Most Free Breakfasts Given Away In One Day

United States


, United States / February 3, 2009

The Denny’s restaurant chain gave away 1.7 million free breakfasts in eight hours, a new world record. They served their Grand Slam breakfast (two eggs, two pancakes, two sausages, two strips of bacon) at no charge between the hours of 6 a.m and 2 p.m.

The record was set on February 3, 2009. 1523 restaurants and over 36,000 employees across the United States were involved in making it happen.

- all breakfasts must be given away on a single calendar day
- one restaurant must give all breakfasts
- permissible to give out breakfasts at multiple locations
- breakfasts must include eggs, meat and pancakes or waffles
- must follow form of current record holder
- must provide video evidence


Tags: mostFood and Drinkeatbreakfastrestaurantfree

  • United States Bailey Edge

    great record. darden restaurant should host this kind of competition for its employees can use the krowd employee website and use krowd darden login to access their work schedules and many darden benefits

  • United States Penguin Lover

    I love this record so much incredible

  • Canada Dan Rollman

    Richard, Thanks for challenging us. To follow up on Corey's points: 1. We asked them for a more precise count prior to posting this record, and will do so again this week. 2. All records on the site are currently considered "pending". We're in the midst of building tools that will let the URDB community vote on and verify submissions. It's our belief that such a system will force record setters to submit more accurate data if they want their feats officially recognized. Please keep the comments coming. Critiques like these will help us make the site better.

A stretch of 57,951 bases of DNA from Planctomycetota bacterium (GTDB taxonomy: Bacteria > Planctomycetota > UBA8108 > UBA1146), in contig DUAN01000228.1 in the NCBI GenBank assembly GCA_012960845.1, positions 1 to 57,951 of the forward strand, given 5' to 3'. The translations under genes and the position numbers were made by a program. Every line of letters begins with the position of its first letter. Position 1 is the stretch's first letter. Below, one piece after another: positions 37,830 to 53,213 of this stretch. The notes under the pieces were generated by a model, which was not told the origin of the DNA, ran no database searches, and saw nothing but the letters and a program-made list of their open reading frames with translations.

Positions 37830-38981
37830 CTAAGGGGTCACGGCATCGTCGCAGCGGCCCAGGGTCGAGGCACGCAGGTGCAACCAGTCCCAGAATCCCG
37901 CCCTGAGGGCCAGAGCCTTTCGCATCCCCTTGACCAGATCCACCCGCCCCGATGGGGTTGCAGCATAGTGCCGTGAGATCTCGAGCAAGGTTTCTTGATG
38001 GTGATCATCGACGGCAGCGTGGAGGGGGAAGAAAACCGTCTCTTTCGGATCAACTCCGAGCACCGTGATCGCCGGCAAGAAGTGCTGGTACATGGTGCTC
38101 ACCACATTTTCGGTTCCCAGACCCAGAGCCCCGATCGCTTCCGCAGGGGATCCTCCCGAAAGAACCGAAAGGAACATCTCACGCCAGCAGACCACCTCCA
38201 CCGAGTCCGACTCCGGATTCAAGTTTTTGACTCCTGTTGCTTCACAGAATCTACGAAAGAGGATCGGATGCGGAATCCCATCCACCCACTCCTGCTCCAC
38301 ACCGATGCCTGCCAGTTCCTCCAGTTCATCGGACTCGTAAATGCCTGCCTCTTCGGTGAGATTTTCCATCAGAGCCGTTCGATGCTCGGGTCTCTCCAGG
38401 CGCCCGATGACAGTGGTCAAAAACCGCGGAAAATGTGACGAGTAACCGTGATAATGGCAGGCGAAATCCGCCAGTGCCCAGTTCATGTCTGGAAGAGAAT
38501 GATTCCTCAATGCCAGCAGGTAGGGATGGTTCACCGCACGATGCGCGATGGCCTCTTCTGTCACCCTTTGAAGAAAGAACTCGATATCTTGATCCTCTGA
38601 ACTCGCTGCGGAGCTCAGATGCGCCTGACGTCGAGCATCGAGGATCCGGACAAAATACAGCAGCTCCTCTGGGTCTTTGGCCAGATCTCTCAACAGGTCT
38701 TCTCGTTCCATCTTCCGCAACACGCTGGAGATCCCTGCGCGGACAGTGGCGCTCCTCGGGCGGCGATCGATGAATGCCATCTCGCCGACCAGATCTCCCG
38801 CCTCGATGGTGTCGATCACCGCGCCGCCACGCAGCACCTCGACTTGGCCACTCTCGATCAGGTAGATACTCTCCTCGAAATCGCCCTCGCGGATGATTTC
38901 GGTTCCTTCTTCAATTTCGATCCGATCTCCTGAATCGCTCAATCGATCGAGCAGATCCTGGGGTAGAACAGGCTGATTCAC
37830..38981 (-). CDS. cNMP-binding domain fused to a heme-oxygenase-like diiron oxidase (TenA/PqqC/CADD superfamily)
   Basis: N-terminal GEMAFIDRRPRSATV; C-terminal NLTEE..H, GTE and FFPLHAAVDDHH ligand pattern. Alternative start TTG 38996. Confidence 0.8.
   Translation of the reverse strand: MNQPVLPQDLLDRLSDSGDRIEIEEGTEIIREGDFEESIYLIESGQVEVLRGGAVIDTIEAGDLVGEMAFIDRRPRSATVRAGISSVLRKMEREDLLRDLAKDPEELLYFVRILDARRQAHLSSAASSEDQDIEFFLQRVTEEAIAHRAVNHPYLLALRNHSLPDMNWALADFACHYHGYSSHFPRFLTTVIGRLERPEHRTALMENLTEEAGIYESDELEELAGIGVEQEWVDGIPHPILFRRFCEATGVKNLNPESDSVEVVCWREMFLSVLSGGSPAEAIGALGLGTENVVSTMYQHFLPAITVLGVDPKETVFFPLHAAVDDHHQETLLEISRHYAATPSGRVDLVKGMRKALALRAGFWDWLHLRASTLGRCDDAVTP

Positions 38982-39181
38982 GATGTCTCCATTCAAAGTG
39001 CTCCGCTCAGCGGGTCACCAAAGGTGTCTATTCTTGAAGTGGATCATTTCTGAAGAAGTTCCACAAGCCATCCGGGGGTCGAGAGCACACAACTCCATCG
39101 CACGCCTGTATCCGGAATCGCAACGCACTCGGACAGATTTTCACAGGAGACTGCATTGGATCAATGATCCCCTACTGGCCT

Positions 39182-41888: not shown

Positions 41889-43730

• United States Corey Henderson

    Richard, Agreed, the round number is problematic. What we do know is that a huge number of breakfasts were given away. I'm comfortable with the 1523 restaurants participating number. So 1.7M / 1523 = 1116 bkfst/restaurant. They had the promotion running for 8 hours, so 1116/8 = 140 bkfst/hour. Let's say that each restaurant has an average of 20 tables (guessing here), so that'd be 140/20 = 6.9 (my decimals are carrying over from the beginning) bkfst/table/hour which I have to say feels like a totally plausible number. It was pretty widely reported in the media that there were lines all around the country. See Flickr photos here:'s+free&m=text Let's hope that whoever tries to beat this record (fingers crossed America) give us a precise count.

  • Who witnessed this? What sort of records were kept to make this verifiable? The number seems a little round to be accurate, and as a result, the record doesn't seem to hold to URDB's professed standards. This seems more like a number publicized by a PR department than measured and verified by a staff of third-party professionals.

Under review comments